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A study from the latest issue of the Journal of Pain and Symptom Management points out that race may account for the disparity in the care that terminally patients receive at hospitals.

Researchers examined 33 doctors at hospitals in western Pennsylvania and compared their interactions with Black patients versus Whites. The patients and their family members weren’t real patients, but actors who spoke in matching scripts and showed the same vital signs. The doctors were told that they were part of a study, but they weren’t made aware of the nature of the study or the actors that were involved.

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The study concluded that doctors were more caring and attentive towards Whites:

When interacting with whites — explaining their health condition and what the next steps might be — the doctors in the simulations tended to stand close to the bedside and were more likely to touch the person in a sympathetic way.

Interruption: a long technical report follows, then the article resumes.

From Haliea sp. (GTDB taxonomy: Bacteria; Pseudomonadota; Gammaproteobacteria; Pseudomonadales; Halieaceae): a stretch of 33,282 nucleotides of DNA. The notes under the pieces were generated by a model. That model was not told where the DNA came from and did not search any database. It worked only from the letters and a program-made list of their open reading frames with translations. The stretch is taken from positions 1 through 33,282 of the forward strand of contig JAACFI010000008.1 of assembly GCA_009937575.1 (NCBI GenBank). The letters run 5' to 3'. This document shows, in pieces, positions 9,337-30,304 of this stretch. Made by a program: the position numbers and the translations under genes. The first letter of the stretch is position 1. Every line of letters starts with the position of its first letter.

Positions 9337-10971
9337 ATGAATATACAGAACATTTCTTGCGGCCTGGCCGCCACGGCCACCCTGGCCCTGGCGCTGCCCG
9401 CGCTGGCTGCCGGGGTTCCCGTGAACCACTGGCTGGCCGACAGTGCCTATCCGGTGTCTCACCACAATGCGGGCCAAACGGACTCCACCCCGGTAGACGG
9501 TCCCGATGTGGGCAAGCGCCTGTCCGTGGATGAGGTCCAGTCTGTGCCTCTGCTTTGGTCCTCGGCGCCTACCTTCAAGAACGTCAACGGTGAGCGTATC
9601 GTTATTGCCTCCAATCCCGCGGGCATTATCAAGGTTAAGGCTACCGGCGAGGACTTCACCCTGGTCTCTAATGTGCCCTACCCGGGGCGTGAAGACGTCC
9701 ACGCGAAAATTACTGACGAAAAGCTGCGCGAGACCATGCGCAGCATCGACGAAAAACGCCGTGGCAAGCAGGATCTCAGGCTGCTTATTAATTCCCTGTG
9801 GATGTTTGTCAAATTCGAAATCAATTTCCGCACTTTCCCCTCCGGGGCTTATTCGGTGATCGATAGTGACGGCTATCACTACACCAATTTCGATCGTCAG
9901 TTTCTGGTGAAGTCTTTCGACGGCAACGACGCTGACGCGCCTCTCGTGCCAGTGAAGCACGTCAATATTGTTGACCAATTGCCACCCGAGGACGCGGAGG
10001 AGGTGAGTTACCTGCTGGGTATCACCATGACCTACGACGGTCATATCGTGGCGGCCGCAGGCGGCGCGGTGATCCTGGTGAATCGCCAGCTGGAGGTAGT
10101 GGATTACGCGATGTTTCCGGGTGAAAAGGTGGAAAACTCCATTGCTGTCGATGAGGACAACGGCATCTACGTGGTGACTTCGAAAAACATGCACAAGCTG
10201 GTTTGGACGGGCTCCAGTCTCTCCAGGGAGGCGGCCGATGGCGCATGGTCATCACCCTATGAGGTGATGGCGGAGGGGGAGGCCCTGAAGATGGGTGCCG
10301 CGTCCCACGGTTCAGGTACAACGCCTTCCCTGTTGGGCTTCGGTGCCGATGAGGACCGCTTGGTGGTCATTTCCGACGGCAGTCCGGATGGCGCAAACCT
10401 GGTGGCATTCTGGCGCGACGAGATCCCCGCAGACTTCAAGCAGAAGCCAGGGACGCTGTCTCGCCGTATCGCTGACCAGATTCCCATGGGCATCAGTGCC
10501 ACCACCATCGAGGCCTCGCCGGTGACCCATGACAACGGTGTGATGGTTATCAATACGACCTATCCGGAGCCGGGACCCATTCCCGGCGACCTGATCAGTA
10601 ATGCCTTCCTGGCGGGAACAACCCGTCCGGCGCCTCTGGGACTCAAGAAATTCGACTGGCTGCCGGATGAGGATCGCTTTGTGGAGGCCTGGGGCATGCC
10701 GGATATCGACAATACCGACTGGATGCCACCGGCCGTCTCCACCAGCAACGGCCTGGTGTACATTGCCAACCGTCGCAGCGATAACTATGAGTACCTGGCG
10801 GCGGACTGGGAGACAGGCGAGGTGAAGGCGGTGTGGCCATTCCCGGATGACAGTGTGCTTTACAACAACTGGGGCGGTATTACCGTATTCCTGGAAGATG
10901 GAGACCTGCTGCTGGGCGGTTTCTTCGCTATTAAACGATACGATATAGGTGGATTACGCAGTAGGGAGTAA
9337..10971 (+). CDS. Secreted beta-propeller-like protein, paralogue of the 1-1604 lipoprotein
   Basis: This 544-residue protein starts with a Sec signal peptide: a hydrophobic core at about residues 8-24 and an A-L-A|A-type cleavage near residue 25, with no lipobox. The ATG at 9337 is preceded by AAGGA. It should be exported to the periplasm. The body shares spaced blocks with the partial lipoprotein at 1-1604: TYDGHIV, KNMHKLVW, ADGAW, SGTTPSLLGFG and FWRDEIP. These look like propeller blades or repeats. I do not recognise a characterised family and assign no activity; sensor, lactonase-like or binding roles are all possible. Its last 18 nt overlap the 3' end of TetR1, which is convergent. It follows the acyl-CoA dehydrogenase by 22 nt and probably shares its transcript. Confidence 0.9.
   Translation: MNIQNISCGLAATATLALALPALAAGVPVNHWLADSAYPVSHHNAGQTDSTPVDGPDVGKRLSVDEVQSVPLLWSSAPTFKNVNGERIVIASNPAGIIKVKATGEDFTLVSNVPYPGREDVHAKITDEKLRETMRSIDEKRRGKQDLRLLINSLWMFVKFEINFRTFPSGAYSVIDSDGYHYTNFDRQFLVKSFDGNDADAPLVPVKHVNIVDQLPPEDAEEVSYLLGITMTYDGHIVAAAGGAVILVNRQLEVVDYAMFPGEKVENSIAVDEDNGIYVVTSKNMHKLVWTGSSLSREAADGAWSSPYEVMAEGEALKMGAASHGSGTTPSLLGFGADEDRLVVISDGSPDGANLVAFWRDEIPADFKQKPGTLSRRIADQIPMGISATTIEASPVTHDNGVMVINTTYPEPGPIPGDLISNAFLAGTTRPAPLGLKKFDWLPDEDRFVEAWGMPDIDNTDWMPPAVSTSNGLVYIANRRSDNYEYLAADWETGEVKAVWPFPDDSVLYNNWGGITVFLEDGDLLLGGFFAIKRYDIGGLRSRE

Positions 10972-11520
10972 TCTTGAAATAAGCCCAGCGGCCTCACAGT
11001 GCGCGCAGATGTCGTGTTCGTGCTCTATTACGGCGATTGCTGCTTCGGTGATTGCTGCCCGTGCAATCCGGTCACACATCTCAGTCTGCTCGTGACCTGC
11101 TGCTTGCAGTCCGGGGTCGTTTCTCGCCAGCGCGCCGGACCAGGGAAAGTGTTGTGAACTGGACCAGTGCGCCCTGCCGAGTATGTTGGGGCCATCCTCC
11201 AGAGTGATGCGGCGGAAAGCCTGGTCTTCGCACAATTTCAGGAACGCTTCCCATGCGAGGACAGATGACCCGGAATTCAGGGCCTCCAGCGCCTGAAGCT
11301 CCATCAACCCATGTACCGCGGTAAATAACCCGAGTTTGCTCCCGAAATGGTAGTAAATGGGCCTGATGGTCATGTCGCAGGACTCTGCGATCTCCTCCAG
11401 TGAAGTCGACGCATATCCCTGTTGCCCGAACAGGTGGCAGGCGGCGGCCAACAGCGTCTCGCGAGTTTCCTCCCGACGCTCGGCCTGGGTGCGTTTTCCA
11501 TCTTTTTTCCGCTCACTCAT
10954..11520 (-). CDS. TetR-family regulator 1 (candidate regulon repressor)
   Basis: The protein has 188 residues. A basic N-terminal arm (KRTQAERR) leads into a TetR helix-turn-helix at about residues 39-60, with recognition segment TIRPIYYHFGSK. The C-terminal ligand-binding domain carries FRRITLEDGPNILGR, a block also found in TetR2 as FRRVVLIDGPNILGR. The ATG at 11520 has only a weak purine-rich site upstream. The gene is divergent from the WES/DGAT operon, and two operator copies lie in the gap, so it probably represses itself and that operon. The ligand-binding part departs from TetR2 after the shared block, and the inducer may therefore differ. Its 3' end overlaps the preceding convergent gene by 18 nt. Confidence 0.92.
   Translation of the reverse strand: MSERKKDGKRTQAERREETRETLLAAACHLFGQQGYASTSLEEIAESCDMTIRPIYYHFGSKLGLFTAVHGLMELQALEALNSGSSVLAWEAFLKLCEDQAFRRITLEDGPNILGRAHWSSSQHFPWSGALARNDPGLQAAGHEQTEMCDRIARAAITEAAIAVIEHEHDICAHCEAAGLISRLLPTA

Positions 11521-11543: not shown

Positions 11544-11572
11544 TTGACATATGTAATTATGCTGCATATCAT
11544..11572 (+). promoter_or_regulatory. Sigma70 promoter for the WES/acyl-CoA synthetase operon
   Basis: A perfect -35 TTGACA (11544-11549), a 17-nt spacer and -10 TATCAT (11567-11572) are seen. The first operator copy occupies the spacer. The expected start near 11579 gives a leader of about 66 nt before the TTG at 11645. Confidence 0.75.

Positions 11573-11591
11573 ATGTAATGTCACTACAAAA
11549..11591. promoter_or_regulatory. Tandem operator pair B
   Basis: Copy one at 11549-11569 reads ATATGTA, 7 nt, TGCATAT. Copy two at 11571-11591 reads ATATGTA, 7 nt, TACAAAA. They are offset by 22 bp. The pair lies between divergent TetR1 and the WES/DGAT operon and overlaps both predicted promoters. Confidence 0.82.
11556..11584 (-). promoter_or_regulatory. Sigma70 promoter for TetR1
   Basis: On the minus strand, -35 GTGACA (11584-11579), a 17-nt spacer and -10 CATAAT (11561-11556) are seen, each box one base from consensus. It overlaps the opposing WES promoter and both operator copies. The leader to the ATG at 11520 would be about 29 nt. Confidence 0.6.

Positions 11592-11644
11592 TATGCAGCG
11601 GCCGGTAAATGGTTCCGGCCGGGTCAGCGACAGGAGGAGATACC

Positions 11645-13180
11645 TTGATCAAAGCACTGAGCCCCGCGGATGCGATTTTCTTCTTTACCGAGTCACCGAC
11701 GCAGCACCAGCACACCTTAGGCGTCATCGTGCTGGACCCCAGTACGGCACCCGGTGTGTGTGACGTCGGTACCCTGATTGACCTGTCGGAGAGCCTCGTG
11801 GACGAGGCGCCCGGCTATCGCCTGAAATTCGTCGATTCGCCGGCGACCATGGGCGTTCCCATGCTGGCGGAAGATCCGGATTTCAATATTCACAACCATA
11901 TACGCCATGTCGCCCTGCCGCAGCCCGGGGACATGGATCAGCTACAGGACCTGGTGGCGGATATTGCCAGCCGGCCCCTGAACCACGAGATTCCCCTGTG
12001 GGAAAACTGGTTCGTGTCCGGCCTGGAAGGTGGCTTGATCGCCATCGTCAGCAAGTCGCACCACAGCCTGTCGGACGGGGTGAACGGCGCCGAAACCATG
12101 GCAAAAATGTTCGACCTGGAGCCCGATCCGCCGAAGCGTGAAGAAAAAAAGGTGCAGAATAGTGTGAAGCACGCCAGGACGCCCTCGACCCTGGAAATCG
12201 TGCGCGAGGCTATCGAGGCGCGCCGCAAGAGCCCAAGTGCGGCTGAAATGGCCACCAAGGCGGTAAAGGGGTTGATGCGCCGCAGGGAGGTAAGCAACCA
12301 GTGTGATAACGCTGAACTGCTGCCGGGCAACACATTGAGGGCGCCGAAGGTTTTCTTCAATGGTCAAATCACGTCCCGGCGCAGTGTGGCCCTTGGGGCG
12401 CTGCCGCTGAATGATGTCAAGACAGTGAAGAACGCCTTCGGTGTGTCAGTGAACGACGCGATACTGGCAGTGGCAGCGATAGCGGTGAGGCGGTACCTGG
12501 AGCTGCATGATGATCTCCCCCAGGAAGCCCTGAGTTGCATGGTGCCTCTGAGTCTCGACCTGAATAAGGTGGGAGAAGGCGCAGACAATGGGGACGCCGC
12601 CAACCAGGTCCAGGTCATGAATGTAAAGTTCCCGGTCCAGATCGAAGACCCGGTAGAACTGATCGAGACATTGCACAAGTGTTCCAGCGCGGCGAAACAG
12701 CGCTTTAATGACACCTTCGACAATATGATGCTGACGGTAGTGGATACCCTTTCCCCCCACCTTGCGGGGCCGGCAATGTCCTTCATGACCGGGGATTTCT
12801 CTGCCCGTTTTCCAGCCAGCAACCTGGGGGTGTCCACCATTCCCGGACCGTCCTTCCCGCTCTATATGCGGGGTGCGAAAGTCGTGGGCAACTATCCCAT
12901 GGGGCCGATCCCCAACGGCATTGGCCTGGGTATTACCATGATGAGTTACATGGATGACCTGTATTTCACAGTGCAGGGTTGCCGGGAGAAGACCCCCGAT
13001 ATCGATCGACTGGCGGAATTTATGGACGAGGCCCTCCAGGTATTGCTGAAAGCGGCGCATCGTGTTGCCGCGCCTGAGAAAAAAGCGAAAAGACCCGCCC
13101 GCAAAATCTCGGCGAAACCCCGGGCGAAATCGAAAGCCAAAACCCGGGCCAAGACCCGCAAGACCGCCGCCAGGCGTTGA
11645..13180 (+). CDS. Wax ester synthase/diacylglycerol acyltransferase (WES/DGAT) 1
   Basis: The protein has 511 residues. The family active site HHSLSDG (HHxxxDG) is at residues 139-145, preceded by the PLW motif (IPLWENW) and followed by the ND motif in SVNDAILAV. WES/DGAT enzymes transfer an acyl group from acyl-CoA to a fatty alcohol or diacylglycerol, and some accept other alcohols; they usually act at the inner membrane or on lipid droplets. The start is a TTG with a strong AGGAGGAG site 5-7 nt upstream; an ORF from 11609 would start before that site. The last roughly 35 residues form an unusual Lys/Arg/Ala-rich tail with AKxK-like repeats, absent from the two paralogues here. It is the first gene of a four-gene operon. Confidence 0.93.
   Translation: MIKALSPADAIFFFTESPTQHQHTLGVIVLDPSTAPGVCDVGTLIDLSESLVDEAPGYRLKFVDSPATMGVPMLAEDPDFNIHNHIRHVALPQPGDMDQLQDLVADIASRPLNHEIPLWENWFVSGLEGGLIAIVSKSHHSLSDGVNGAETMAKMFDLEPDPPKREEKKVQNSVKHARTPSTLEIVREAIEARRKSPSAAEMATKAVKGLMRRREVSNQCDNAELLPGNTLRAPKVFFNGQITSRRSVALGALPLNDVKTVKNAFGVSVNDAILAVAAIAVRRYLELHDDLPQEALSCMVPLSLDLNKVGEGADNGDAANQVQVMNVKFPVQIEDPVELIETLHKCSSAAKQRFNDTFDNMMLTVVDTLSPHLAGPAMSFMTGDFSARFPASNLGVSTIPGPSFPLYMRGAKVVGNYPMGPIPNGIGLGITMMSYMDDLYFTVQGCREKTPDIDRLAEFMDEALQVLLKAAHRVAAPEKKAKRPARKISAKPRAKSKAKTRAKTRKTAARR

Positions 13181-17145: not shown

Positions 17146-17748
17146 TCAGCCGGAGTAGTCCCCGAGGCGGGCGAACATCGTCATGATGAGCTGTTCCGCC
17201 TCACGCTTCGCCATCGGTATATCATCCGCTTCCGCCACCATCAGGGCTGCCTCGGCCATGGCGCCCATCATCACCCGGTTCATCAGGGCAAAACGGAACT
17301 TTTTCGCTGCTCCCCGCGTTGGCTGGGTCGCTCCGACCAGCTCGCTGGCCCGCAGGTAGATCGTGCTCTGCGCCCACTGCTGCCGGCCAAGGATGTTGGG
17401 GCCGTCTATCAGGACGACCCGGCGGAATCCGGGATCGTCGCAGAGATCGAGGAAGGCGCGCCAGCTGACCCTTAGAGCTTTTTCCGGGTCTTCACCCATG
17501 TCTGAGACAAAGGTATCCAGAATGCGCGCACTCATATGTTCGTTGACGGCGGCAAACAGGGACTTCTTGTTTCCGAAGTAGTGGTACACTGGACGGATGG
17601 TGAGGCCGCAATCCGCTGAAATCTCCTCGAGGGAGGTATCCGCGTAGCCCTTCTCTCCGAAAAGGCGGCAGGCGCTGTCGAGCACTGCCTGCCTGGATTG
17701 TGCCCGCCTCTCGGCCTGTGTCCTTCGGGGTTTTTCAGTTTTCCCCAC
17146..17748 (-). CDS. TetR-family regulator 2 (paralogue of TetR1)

With blacks, the doctors were more likely to remain standing at the door of the hospital room and to use their hands to hold a binder — a posture that could make them appear defensive or disengaged.

The researchers analyzed audio and video recordings of the interactions and gave each doctor a score for his or her nonverbal behavior. On average, the doctors scored 7 percent lower for their interactions with blacks than for their interactions with whites.

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This new study also explains that this difference in behavior may account for why Blacks are more likely to choose extreme live-saving treatments like hospice care than White patients. Hospice care is considered to be a notably painful, intensive and traumatic treatment that can have a long term impact on both patients and their loved ones.

The senior author of the story, Dr. Amber E. Barnato, urges doctors to be more self-aware and compassionate in their work, as their interactions with patients can have a direct effect on their patients’ health.

Read more on the study at the Huffington Post.

[SOURCE: Huffington Post]


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Study Reveals Black Hospital Patients Are Disproportionately Neglected  was originally published on